What: While most of the energy sector was beaten back in November, EXCO Resources (NYSE:XCO) jumped double digits.
So what: The seeds of EXCO Resources' November rally were really planted in late October when the company announced a series of moves to enhance its liquidity, cash flow, and balance sheet. Using a combination of newly issued senior-secured second-lien notes and amending its credit facility, the driller was able to reduce its net debt by $270 million, or 18%, and extend its average maturity from 3.6 years to 4.7 years while also improving its liquidity by $60 million, or 18%.
It's the type of move that fellow driller Chesapeake Energy (NYSE:CHK) recently launched in an effort to stop its own stock price freefall. However, Chesapeake found a much more tepid reception to its second lien plan because investors see such a move being made out of distress because it follows the footsteps of companies such as EXCO, which are clearly in distress.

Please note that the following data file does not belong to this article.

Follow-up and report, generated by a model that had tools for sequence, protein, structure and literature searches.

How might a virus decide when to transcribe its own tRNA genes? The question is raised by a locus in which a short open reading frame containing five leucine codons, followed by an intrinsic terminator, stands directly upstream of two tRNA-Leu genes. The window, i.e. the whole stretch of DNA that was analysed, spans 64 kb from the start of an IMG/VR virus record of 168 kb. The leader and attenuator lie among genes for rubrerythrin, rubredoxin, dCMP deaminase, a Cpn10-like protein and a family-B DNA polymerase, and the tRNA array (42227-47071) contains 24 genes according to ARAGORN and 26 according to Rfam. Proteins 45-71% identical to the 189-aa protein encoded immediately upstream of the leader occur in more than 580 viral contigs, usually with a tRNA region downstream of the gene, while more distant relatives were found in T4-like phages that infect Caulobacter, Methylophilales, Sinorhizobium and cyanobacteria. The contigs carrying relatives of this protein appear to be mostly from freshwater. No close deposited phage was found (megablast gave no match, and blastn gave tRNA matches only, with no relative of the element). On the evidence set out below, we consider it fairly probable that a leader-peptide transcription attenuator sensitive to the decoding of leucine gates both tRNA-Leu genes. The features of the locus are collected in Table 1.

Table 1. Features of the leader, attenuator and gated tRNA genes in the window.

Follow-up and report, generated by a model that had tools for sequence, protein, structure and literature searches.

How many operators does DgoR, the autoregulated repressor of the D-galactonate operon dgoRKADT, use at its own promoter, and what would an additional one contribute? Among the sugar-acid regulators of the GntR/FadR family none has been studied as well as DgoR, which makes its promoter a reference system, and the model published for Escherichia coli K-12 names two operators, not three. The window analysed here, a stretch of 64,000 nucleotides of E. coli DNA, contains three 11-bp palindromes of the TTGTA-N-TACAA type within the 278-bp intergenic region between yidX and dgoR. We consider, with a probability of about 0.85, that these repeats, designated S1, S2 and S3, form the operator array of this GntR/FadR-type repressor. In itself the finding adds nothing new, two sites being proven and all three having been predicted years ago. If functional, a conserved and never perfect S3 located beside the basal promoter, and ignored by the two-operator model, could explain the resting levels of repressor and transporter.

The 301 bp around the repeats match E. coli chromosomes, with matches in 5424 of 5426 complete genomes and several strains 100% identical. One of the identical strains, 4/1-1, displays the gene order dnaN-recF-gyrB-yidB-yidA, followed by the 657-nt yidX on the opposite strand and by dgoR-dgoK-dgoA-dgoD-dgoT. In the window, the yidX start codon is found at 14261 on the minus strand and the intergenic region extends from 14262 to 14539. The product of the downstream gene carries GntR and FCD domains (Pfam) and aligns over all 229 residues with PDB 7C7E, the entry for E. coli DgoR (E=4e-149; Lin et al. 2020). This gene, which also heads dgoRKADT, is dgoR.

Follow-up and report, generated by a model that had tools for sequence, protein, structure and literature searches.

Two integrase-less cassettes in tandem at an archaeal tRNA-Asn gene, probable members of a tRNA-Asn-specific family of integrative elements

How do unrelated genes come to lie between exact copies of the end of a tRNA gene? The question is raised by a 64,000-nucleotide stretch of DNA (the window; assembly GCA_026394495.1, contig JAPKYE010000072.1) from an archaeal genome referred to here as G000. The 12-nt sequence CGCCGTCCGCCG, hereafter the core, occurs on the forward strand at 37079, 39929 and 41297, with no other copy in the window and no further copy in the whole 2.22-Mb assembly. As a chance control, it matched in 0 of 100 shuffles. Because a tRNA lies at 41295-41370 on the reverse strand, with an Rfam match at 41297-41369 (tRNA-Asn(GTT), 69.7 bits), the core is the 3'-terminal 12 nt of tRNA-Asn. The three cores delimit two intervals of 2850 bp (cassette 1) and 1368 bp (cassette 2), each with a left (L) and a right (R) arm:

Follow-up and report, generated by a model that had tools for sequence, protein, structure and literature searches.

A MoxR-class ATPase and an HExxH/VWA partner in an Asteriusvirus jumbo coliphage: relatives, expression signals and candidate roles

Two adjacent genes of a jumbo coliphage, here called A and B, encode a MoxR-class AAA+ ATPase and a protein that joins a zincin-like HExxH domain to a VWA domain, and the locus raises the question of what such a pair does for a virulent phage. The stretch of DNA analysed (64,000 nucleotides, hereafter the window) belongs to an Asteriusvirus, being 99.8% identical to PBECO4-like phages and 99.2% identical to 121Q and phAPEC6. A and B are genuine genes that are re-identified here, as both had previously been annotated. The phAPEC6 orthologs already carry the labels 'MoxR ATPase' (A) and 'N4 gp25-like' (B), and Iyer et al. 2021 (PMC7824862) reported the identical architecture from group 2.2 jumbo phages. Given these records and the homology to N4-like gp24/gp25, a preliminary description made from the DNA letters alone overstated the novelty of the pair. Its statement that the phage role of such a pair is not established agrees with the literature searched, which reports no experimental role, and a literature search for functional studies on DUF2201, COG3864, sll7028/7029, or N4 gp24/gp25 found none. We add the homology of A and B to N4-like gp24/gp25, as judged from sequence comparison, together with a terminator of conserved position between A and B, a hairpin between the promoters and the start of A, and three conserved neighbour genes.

That said, EXCO's moves lifted a lot of the near-term weight on the company's balance sheet, which gave the company the capital to put together a new spending plan for the first half of 2016. That plan, which was announced toward the end of November, will see the company cut its spending to just $70 million through the first six months of 2016, or $100 million less than what it spent during the same time-frame in 2015. Still, what's important to note is that this is a returns-focused capex plan, which is expected to deliver well returns in the 20% to 35% range and not a growth plan or a plan to keep production flat. Investors cheered this shift because they are growing tired of drillers chasing growth over returns, which is what dug both EXCO and Chesapeake Energy in their current holes.
Now what: While EXCO Resources has certainly addressed some of its major issues, it still has a lot of work to do. Not only is its balance sheet weighed down with too much debt, but its cash flow isn't yet to the point that it can pay for a capex program that will drive returns-driven production growth. Because of this investors can expect volatility to continue until the company's finances are on firmer footing.